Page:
Before the Railways
It is the railways that turned London into the centre of fashion, finance and society. Before they came, county towns, and very many smaller towns had vibrant social lives.
Only the very wealthy or those into politics – perhaps even having a seat in the House – ever visited London. Everyone else looked to their local town, in which they had their townhouses and social circles.
It’s a way of life reflected in the pages of Jane Austen and other early novelists, who describe in vivid prose the intrigues and romances that ran their course within the Georgian mansions which are now turned onto shops or divided into flats.
It was a time before suburbs sprang up around every town, and before manufacturing industries spread across the countryside and began to rot the stonework of ancient buildings with smoke and acid-laden air. It was a time when life was less hurried than today. York was two days’ journey from London and had its own very varied society.
Like most towns, this really only consisted of the Church, the Army and the landed gentry. Beyond these there really wasn’t any society – except perhaps the rather dubiously viewed Legal and Medical professions.
In mediaeval times there were no roads as we know them. The Roman roads had largely disappeared and most tracks did little other than link villages to their local market towns.
It wasn’t until the Elizabethan period in the 1500s that road travel began to be used more widely, and for private as well as military purposes. The Queen herself visited most of her realm by coach.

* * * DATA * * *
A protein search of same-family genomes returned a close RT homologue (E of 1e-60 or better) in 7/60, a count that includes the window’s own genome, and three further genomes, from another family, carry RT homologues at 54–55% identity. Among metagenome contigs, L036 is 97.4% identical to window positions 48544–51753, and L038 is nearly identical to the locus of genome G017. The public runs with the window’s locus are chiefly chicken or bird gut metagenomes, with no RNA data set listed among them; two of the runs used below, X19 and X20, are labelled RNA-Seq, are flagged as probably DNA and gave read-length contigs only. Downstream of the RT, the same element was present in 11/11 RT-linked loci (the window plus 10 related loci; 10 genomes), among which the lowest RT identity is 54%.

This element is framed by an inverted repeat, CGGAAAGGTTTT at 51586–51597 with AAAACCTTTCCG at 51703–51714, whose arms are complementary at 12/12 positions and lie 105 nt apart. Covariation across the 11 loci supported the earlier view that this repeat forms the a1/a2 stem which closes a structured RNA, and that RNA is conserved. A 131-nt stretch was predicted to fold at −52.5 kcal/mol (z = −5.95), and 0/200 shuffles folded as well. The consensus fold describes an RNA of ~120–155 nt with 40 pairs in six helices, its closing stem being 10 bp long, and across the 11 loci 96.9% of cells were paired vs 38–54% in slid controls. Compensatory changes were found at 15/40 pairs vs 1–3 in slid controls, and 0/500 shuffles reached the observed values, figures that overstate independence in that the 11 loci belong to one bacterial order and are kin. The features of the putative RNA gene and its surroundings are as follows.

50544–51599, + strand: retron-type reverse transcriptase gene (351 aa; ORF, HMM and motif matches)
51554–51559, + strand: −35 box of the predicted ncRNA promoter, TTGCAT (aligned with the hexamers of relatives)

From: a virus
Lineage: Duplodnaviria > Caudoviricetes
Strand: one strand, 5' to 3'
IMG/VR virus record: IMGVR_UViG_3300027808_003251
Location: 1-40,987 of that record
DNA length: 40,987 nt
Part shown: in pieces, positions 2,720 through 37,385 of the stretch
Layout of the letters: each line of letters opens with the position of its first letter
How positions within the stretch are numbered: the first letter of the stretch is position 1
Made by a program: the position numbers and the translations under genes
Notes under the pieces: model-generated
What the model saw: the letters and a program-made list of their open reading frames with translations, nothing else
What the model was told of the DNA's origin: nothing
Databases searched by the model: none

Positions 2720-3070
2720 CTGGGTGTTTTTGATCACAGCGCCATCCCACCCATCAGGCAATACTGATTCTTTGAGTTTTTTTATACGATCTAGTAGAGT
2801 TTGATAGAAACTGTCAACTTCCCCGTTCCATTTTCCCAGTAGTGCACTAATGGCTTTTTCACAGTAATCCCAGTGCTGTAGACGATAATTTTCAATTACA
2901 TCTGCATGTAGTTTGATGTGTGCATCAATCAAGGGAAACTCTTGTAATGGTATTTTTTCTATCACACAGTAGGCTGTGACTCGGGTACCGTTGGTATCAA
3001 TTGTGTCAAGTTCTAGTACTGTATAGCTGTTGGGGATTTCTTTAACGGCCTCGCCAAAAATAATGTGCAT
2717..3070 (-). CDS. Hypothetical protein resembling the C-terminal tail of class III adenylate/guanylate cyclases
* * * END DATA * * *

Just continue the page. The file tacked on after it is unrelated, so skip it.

Towards the end of the Elizabethan era, the political situation in Spain & Ireland was acute ports like Bristol and Milford Haven became vital. New routes were established as road traffic increased.
This grew during the 1600s and with it came a need for good quality maps. Finding one’s way in the seventeenth century was not easy and many tales abound of lost travellers on the roads!
In 1635, under Charles I, Thomas Witherings set up the six "Great Roads". The Great West Road and the Great North Road are still familiar names to us today. Ogilby mapped the Great West Road in 1695 and it showed the towns and villages along its route.
But again, we would be well advised not to assume life was anything like it is today. For example, although the road 'ran to Bristol' this is an oversimplification. Different routes were used during the various seasons. In dry weather a low road was suitable but in wet weather a track over higher ground would be used. Much depended on a traveller’s local knowledge.
Happy days !!
The quality of the roads was terrible. They were rutted and dusty in summer, a mud-bath in winter.
The need for good quality maps was great and in the 1670s John Ogilby made a vast number of road maps. Even so, as late as 1668, Samuel Pepys became lost his way on a journey from Newbury to Reading.
During the early 1700's the pressure for road improvement increased and road traffic grew.